Foreign-exchange payment service provider OzForex (OFX) reported a 3% increase in underlying profit for the half year, a result which, at face value, appears light for a high-growth company. On most of its key top line metrics, OFX continues to perform well; active client growth of 16%, average transaction value growth of 15% and overall transaction growth of 17%. The ongoing organic growth in its customer base is important for the company as this is the key element in its overall fee and commission income growth.
OzForex: Fee and Commission Income by Customer Base
OFX’s profit growth didn’t reflect this outcome in the half largely due to a previously flagged step up in costs in the period. OFX is undertaking an ambitious growth strategy, in which it aims to double its revenue over the next three years (and more than double earnings). To provide this platform, the company has made a substantial investment in the last six months, including in areas such as IT and risk and compliance. OFX is a credible alternative investment to more established players in the financials sector of the market as it takes market share with a better and cheaper operating model.
Santos (STO) finally announced the outcome of its strategic review which it has been undertaking over the last few months. As was widely expected, the process of balance sheet repair has been achieved through a combination of a large $2.5bn capital raising, a $500m placement (which was priced at a premium) to a China-based private equity group Hony Capital and $520m in asset sales. STO also took the opportunity to change its dividend policy to a more suitable payout ratio model and announced the appointment of a new CEO, Kevin Gallagher, who is currently the CEO of engineering services group Clough.
While the placement to Hony was an important piece of the total measures taken, it has also undoubtedly taken away some of the takeover premium that had built into STO’s share price following the recent approach from Scepter. The earnings dilution is also large, with an approximate 70% increase in STO’s share count as a result of the capital raising. While the raising has removed the immediate risk of a credit rating downgrade, what does remain a possibility is the potential for asset impairments at its upcoming full year result. Its previous impairment analysis used a US$70/barrel price of oil for 2016, US$80 in 2017, US$90 in 2018 and US$90 long term price and the indicative writedowns that it would face under revised assumptions is illustrated below.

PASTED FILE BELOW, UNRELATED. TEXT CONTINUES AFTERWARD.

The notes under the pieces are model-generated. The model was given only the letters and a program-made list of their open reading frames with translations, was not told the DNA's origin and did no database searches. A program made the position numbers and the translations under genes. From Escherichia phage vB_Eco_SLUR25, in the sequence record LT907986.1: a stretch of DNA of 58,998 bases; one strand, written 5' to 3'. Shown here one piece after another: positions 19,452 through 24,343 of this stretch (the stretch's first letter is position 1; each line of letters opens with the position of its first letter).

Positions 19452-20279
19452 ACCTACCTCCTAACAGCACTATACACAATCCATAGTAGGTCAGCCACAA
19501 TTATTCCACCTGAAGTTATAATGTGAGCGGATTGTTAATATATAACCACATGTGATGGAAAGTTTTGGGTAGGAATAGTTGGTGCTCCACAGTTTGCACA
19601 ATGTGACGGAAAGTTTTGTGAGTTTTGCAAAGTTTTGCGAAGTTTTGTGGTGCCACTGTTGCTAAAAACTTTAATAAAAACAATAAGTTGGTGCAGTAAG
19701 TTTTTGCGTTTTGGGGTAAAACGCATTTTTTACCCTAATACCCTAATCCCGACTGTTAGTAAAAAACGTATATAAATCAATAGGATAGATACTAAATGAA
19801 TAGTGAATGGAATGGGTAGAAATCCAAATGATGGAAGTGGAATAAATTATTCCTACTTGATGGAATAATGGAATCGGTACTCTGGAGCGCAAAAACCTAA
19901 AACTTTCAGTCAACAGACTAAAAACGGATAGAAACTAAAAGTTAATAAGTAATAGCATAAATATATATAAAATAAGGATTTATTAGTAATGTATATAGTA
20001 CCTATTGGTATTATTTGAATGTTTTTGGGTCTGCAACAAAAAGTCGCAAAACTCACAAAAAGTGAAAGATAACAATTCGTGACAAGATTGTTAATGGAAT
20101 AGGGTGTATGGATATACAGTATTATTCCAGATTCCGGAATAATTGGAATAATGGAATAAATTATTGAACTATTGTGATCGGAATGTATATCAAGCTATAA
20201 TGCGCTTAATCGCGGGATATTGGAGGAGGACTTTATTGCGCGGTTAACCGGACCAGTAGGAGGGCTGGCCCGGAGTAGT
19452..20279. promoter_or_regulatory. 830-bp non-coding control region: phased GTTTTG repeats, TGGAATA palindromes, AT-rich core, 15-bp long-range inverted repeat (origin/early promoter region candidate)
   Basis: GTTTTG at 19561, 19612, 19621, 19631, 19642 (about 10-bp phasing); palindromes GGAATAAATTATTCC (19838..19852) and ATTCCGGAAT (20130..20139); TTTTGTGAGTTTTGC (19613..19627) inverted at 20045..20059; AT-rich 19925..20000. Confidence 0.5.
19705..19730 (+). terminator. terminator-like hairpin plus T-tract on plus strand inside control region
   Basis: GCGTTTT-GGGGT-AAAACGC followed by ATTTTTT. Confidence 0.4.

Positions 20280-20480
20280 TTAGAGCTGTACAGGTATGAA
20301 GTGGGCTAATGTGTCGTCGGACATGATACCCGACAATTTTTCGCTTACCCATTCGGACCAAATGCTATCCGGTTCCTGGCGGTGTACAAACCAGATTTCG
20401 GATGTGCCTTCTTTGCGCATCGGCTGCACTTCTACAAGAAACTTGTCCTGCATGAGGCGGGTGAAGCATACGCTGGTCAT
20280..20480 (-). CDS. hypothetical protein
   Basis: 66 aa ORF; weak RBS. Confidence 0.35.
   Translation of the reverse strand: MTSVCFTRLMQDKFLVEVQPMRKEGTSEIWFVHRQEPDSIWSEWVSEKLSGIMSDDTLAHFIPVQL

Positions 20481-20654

With relatively high cost operations compared to others in the energy sector, the immediate focus for STO will remain on the costs side of its business instead of possible growth opportunities. Among large-cap energy stocks, STO has the best leverage to an oil price recovery, although investors should expect this path to be volatile. We remain comfortable gaining energy exposure through the safer option of Oil Search (OSH).
Santos: Potential Impairments
The battle for Asciano Group (AIO) continued this week when the Qube Holdings (QUB) consortium lodged non-binding indicative proposal to the company. The terms of the offer are quite similar to that offered by Brookfield Infrastructure, both in terms of the cash component of the consideration (representing ~75% of the total) and the value of the scrip component. Under the QUB consortium proposal, AIO shareholders would also receive QUB shares; a prospect that may be more favourably received with shareholders compared to the alternative of Brookfield units.
While competing bidders is a good outcome for AIO, we note that the ACCC has already raised competition concerns with the Brookfield offer and may also do so for QUB, potentially knocking one or more parties out of the race. The preliminary view of analysts at this stage is that the QUB offer will encounter less regulatory resistance, although there still may be some time before this is all played out. The knowledge of the AIO assets by QUB chairman Chris Corrigan (who is a former managing director of Patricks, an owner of some of AIO’s assets prior to their takeover by Toll Holdings), could be an important trump card to sway the favour towards the QUB offer.